A Q&A with Jeremiah McKinley
Making ‘dirty folk’ from rural Kernersville, North Carolina, Jeremiah and his brother Noah…
What’s the title of your latest release, and what does it mean to you?
‘It Ain’t Easy’ is our latest single. It is about the transition to adulthood, leaving behind the comforts of family and friends. It can be very isolating to strike out on your own, especially in unfamiliar territory, when there are no footprints to follow. You just take things one step at a time and hope you are taking them in the right direction. This song is an expression of that feeling. It has a lot of meaning for us, about the first time we struck out from home without a direction or any clue as to what we were doing. It is one of my favourite songs to play live because my brother sings the first verse and I sing the second. We hadn’t written anything up to that point where we were going back and forth and it’s really fun to play.
What was the hardest part about putting this release together, and why?
Distance. My brother is in seminary school in Pennsylvania, so we haven’t had a ton of time in the same room to work on stuff. We send files back and forth as we work out a lot of songs but there always feels like there is a little more magic when we are together bouncing ideas and riffing off each other in the moment.
Who produced the release – what did they bring to it?
We co produced it with Mat Leppanen from The Animal Farm. This is the first time we have had any outside help and he really blew us away. We always have a pretty good idea of where we want the song to go, but he took our two dimensional song and really brought it to life. When the first verse fades into the chorus, the sound really swells and makes the song feel so big. This was the first song we sent him to work on, and we were a little nervous to be working with someone, and how it might turn out. When I got it back and listened to it in the car it really floored me, and we are very excited with how it has turned out. I really enjoy the whole process of making a song. I am not very gifted in mixing or a lot of the technical side, but I love creating and adding parts.
What do you want the listener to take away from listening to your music?
We want the listener to feel our music. We believe what you say and how you say it are just as important. We want to make the kind of songs you turn on after a hard day, to help you deal with whatever you are going through in your life. Those are the type of songs that have always spoken to us and that is what we are trying to capture. Real human moment and emotions, every song is different, because that’s the way life is. Messy and up and down, good and bad.
How does a track normally come together? Can you tell us something about the process?
I’m not sure we really have a formula. It seems like every song is different. Sometimes it starts with a chord progression, and we will play it until we get the feeling of the song. Then we will start to shape the story to go with. Sometimes it is an idea or phrase we have picked up from something that we have heard or read. When it starts with a chord progression, a lot of times I will strum it until it’s stuck in my head, then I will go take a shower and hum along until some words or ideas start to pop. I am not sure what it is but I tend to do my best thinking in the shower. Next thing you know I am bolting back to wherever I have left my phone to write it down or sing it into the voice recorder. Sometimes we will have an idea or story already in mind, and we like to finish the idea before we start trying to put it to music.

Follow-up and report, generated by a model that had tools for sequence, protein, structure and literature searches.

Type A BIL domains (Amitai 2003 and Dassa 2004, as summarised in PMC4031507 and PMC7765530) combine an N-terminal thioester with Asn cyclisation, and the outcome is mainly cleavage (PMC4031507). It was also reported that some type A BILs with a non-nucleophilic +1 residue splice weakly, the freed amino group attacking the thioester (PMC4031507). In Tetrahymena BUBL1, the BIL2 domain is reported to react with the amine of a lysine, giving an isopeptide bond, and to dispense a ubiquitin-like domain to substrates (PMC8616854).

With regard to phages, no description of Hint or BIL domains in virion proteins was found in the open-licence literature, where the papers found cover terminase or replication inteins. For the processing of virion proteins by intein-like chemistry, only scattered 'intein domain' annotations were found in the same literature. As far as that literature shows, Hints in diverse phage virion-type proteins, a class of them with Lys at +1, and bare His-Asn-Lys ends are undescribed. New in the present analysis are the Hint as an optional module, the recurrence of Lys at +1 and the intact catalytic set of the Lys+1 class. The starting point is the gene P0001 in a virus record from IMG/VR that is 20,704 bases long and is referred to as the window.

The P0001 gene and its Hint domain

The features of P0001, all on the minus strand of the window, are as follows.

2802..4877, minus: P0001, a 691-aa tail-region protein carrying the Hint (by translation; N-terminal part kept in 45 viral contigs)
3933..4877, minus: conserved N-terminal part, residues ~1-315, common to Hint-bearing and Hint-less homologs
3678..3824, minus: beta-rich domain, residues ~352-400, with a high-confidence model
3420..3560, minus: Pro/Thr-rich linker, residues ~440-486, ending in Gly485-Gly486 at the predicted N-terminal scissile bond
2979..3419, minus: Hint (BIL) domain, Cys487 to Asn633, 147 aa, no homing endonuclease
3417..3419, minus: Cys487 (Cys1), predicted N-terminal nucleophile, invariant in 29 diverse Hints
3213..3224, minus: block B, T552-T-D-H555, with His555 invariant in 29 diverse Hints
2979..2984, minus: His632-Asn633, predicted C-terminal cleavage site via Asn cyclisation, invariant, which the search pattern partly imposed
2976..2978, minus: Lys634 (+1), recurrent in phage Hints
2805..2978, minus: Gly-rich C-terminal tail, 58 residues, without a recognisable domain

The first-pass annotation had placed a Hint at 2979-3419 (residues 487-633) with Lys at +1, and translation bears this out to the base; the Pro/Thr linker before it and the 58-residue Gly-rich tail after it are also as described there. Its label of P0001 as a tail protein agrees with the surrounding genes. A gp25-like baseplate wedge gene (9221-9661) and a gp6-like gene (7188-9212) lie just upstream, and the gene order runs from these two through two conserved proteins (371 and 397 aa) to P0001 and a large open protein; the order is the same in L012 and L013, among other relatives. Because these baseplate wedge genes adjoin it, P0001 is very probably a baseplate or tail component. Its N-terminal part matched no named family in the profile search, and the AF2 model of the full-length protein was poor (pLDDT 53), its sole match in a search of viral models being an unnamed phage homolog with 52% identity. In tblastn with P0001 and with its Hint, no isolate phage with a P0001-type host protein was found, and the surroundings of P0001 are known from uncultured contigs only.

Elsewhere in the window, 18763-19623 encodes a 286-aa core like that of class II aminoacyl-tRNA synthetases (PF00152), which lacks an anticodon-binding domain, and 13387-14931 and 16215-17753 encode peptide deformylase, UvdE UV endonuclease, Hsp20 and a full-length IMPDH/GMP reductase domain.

What band/artists have influenced you the most since you started this project, and why?
Caamp and Mt. Joy. We have really been listening to them on repeat for the past couple of months. We tend to listen to music in a cyclical pattern. We will binge on a couple artist for a few months and switch to others. We are constantly rediscovering some of our favorite albums and tunes. These two artist have very unique voices and tell cool stories. I am a big fan of the gritty vocals and they have rock tinged folk music that has helped us find the type of music we want to create.
What countries would you like to tour? Are there any standout venues you’d like to play in?
All of Europe and the UK. I read a lot of history books and would love to get a chance to visit and see all the architecture and art, especially in Italy. That is one of the best things of touring, seeing new places and meeting people you would have otherwise never met. Red Rocks would be amazing to play at. There are so many live at Red Rocks albums that we listen to and it would be very cool to make our own there one day. Also Royal Albert Hall, so many amazing artist have played there and it would be dope to play there.
If you could pick one track for our readers to listen to in order to get a taste of your music, what would you pick, and why?
‘Senior Year’. It is a reflection of growing up in a rural town in the south, and young love. I think it is one lots of people can connect with, you meet someone and are on fire immediately, but the timing isn’t right or things don’t work out the way you had hoped, but like all things the refrain is the best things always take some time.
What ambitions do you have for the band/your career?
We’d like to be making music full time. We would love to be able to support ourselves doing what we love. For us the most important part of life is enjoying it. We don’t want to be a flash in the pan, and are hoping to be making and playing music for as long as we can.
Finally, as you leave the stage, what are your parting words?
Be nice to people. It is not that hard.
For more info visit: facebook.com/jeremiahmckinleyband